It sounds like the sort of thing that the likes of Kate Bush and Joni Mitchell went through, too.
Sure, and I think it’s there as a female author. We might touch on the fact that The Versions Of Us, which is quite a literary, quite challenging, conceptual story was called Chick-Lit by a number of critics. That surprised me, to be honest, it just didn’t occur to me that anyone would see it that way, and had I been male, and America, and called Jonathan Franzen, they wouldn’t have done. It is frustrating, but I would also say that I’ve thought a lot about the rock novel before starting Greatest Hits, and wondered why the sort of novel that I wanted to read, which was going to be quite an emotional, intense journey through one character’s life, a female rock musician, I wondered why that book didn’t exist, and it occurred to me that a lot of the rock novels that haven’t been so successful have maybe gone a bit Spinal Tap in getting too obsessed with the pernickety detail.
And I did do my research, and I did hang it round what I hope is realistic architecture, but ultimately this is a story about a woman, a human being, who happens to have been a musician, that could just as easily have been a carpenter, or any another sort craftsperson, or a bus conductor.
It’s about how you make peace with your mistakes, it’s about how you come to terms with things that have gone wrong, over which you have no control, how you forgive yourself for your errors. And, in that way, hopefully it becomes more about her than about which venue she played at in 1974.
I was never in the music journalist fraternity, and I use the word fraternity quite deliberately. There are more and more women now, people like Miranda Sawyer. I was more of a general arts journalist. I encountered an issue that I had also encountered with Versions Of Us, which is when you set a realist novel across half of the twentieth century, I like to have real people walk in and out of scenes and it’s something that an author called William Boyd does quite a lot, and he must have been just as careful about it as I then had to be, because I had various real musicians saying and doing things which the lawyers here at Orion suggested might be better that they didn’t say or do anything. You can inadvertently defame in fiction. You have to be really careful. There was a case with a French author getting sued by Scarlett Johanssen’s people for having her for a character. Obviously you just can’t go round having people who are still alive doing and saying things, or being at a party where there might be drug taking happening, so I did have to work hard to ensure that anyone who actually spoke or did anything is now dead, because you can’t defame a dead person. You could go through Greatest Hits and notice that any real people who say or do anything are now deceased. In the end, it’s on this borderline between reality and fiction, so I did invent a number of characters who might slightly resemble others… any resemblance is entirely coincidental! It was about finding out where it was okay to bring real people in and where it was better to stick with fiction.
Any advice on motivation for when you feel like you’re talking into the void and no one is listening? (A listener question from Rhoda Baxter)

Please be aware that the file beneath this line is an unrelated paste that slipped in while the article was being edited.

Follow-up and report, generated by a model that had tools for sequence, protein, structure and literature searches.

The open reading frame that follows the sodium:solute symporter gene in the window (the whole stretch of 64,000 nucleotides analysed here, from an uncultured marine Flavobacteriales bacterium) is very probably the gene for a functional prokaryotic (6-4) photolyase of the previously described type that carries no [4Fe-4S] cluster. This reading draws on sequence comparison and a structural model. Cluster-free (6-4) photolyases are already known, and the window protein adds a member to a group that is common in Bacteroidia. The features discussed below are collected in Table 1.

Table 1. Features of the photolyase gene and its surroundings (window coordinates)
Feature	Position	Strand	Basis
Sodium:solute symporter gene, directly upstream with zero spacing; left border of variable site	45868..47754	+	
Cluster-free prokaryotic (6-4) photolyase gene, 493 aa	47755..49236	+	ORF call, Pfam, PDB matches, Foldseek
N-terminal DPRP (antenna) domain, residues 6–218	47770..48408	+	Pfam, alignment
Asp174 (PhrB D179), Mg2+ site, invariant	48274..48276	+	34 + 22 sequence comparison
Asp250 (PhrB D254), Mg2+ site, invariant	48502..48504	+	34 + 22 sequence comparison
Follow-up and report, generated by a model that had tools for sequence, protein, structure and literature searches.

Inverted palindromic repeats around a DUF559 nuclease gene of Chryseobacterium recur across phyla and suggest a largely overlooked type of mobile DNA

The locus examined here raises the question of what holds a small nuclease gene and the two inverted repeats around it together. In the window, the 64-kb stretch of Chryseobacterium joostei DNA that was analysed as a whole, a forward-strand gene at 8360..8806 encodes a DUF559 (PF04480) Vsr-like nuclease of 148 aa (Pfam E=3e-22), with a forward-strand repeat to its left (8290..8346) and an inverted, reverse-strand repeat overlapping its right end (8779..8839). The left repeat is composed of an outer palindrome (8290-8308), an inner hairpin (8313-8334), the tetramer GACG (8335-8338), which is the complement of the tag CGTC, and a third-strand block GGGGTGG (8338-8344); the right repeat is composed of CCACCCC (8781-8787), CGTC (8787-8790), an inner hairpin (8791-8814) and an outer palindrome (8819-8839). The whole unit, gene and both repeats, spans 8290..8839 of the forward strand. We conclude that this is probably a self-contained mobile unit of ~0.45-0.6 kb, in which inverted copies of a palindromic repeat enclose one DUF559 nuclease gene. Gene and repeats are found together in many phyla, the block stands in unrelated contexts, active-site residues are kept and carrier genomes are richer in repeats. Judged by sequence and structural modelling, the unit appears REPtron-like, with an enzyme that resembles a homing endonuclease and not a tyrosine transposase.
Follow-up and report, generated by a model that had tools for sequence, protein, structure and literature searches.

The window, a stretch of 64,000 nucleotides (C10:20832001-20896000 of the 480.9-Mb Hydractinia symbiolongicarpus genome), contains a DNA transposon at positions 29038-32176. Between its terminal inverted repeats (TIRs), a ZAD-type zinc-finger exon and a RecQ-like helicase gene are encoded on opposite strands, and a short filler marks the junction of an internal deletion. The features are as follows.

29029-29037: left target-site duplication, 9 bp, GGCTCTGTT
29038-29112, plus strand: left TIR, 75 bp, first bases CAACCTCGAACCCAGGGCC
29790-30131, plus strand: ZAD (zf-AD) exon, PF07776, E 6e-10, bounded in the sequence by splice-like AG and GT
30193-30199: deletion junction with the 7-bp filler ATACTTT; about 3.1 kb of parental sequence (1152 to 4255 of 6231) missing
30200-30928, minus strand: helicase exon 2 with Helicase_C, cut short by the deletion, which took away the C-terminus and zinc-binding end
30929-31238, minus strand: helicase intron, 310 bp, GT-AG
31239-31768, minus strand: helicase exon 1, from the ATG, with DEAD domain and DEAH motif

I’m in that situation all the time. I would say you have to ask yourself whether you really have to do this. In my other life as a journalist I did a non-fiction book of advice for actors and Matthew Horne, the comic actor, his primary advice to young actors was ‘Don’t do it.’ It’s a bit of a cliché, other people have said it too, because that immediately sorts the wheat from the chaff. If you hear that and feel a slight sense of relief, and you just want to go and sit on the sofa and watch Netflix — not that there’s anything wrong with doing that, even while you are writing a novel… has been known, it’s called research! — if you can be dissuaded, if you can do anything else and be happy, then go and do it, because you’ll have a much happier life. But if you’re just going to do it anyway, despite not being published for ten years, or twenty years, or thirty years, if you do it because you simply cannot envision a life in which you don’t try to make sense of existence on the page, then you just have to keep doing it. Then it doesn’t really matter whether people buy it, or listen to it, or read it. Not initially. Ultimately it will be up to you, if you keep writing for fifty years and can’t get published, who knows? You’ll decide whether you want to keep doing it or not. It’s just whether you have to keep going.
I think if you’re a true writer then the answer to ‘Don’t do it’ is ‘Well, sod you, I’m going to do it anyway.’
How do you compare writing a song to writing a story?
My life’s changed in loads of ways since I met Kathryn, not least because she took me along on this really amazing retreat that we did as part of the Durham book festival last October, with four songwriters, and four authors and poets. The idea was for us to collaborate and make music together, so every person we worked with we explored that very thing: where the line is between fiction and songwriting. It’s a distillation. A novel in miniature, and the songwriters that I love the most like Paul Simon, Mark Knopfler, Joni Mitchell, that is what they do. They give you the whole life in that one song.